Nearly half of investors surveyed by the Alliance for Lifetime Income recently said they are feeling more stress now than they did when the COVID-19 crisis started. Financial stress can lead to emotional mistakes that can dismantle a well-devised retirement plan. That’s why mutual trust between you and your financial professional is more important than ever.

 
Part 2: Pathos

Pathos is a Greek word meaning “suffering” or “experience” that Aristotle would use to awaken emotion or inspire passion in his audience. What observations come to mind for this part of your retirement plan?

  • Persona: Who will you be in retirement?
  • Passion: Will you uncover and discover your passion in retirement?
  • Purpose: Will you take that passion and follow a path in retirement?  
  • Path: While COVID-19 has likely changed your direction, will you stay on that path to wherever it leads to and through retirement?  

The four p’s of pathos are the essence of your retirement identity and will ultimately enable you to create your retirement story. A plan is more than a number, and a successful portfolio that reflects your life can provide you with the resiliency to handle a life crisis.

 
Part 3: Logos

Logos is a Greek word meaning “reason” or “logic,” among other things. Aristotle applied the term to refer to “reasoned discourse.” And for our retirement plan, these are the logical and intellectual observations to consider when staying on track.

  • Expectation: Are my retirement dreams in line with my retirement portfolio? 
  • Balance: Is my retirement portfolio balanced for reasonable risk and reward?
  • Reason: Do I really understand the potential length and cost of retirement? And have I made the necessary crisis-management adjustments?    
  • Advice: Am I listening to my financial professional, and is my professional financial professional hearing me? 

How do you put the three appeals of ethos, pathos and logos into motion? As Aristotle also is often credited as saying, “We are what we repeatedly do. Excellence, then is not an act, but a habit.”  In other words, in order for any retirement plan to work, you must follow it. And that is simple, direct and unchanged in any century — sound advice that any ancient philosopher or contemporary professional would endorse in any market.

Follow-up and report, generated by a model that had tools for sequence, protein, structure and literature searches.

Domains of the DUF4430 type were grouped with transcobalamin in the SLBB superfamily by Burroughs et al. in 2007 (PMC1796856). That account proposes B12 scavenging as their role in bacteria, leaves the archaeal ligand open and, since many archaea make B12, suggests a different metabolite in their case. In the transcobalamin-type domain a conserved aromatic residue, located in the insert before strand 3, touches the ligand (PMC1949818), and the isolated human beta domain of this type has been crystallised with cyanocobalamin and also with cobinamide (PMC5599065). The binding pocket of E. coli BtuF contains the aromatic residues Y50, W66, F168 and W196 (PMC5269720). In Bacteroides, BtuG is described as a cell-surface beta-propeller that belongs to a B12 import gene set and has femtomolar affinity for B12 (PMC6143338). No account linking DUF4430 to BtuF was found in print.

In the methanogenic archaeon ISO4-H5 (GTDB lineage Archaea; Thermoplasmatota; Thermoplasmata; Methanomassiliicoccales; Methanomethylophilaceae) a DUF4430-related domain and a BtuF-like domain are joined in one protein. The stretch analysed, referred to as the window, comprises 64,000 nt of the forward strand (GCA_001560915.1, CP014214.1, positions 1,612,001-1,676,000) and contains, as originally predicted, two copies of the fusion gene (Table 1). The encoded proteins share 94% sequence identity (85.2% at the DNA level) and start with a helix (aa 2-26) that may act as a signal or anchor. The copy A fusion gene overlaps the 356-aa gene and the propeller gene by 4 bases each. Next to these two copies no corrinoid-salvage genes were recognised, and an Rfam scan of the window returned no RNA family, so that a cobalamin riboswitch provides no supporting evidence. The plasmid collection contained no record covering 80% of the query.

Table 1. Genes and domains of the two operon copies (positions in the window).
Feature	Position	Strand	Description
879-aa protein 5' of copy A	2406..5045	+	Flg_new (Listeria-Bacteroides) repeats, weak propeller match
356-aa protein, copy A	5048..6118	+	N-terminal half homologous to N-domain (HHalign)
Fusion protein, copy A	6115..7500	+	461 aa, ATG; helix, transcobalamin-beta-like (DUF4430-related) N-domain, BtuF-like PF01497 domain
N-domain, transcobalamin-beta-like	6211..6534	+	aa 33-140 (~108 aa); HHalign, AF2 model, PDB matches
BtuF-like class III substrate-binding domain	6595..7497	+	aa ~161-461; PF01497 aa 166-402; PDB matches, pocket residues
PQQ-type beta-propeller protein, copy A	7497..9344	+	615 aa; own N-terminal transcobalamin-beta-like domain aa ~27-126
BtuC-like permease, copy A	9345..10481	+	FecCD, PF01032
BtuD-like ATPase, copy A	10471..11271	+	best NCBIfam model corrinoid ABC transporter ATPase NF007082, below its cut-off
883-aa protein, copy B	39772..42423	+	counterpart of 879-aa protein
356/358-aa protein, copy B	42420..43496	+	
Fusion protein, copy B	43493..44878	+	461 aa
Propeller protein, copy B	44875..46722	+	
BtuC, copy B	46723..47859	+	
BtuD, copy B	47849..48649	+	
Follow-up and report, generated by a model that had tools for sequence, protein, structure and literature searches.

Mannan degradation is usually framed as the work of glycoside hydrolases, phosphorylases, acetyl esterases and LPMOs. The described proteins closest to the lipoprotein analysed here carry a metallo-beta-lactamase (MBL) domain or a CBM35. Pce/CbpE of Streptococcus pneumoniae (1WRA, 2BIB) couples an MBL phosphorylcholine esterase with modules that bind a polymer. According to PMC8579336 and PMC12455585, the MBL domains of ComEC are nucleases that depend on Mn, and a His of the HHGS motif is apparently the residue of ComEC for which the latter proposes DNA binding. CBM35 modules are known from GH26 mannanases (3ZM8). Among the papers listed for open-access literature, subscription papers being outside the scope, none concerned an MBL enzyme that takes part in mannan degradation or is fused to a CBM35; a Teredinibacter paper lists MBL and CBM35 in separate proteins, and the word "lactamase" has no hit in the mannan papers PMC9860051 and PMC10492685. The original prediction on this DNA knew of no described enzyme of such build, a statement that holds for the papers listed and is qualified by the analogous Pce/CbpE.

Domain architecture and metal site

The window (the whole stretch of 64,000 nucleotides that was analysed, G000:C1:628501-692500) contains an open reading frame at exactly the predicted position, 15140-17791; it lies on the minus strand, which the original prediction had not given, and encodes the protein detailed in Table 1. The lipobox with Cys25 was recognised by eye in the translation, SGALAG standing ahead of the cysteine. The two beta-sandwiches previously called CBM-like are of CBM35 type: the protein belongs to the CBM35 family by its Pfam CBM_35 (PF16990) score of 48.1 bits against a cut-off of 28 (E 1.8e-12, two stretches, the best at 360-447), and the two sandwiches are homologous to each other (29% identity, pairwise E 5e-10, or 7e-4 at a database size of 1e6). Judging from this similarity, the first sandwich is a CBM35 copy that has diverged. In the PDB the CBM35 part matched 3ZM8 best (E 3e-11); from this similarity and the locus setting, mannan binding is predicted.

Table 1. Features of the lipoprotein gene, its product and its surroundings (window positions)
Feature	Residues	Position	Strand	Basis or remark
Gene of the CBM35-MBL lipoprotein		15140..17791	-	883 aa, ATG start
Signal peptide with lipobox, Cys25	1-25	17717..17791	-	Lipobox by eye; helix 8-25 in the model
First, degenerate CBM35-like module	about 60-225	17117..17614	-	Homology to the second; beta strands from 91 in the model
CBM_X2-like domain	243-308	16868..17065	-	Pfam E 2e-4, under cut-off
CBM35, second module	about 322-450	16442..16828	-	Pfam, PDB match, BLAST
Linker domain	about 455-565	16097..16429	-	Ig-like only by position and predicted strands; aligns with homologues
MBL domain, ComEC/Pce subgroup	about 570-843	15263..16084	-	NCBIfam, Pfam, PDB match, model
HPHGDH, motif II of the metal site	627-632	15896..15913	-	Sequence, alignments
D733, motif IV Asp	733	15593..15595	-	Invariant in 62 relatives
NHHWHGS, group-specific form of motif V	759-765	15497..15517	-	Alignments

Originally published on Kiplinger

 

 

 

 

1. "ThePost-Crisis Consumer: A Guide for Advisors and Wealth Managers", Metia

2. "Political Rhetoric: Logos, ethos, pathos", Centre College




About the author

Phil Wright, Assistant Vice President, Content Marketing, Jackson National Life Distributors, LLC

Phil Wright is the Assistant Vice President of Content Marketing at Jackson National Life Distributors, LLC (JNLD), and an award-winning financial writer. 

Annuities are issued by Jackson National Life Insurance Company (Home Office: Lansing, Michigan) and in New York, annuities are issued by Jackson National Life Insurance Company of New York (Home Office: Purchase, New York). Variable products are distributed by Jackson National Life Distributors LLC, member FINRA. May not be available in all states and state variations may apply. These products have limitations and restrictions. Contact the Company for more information.

Jackson® is the marketing name for Jackson National Life Insurance Company® and Jackson National Life Insurance Company of New York®. Jackson National Life Distributors LLC.

The opinions and forecasts expressed are those of the author and individuals quoted and should not be construed as a recommendation or as complete.

Tom Hurley and Phil Wright are affiliated with Jackson. All other authors are not affiliated with Jackson.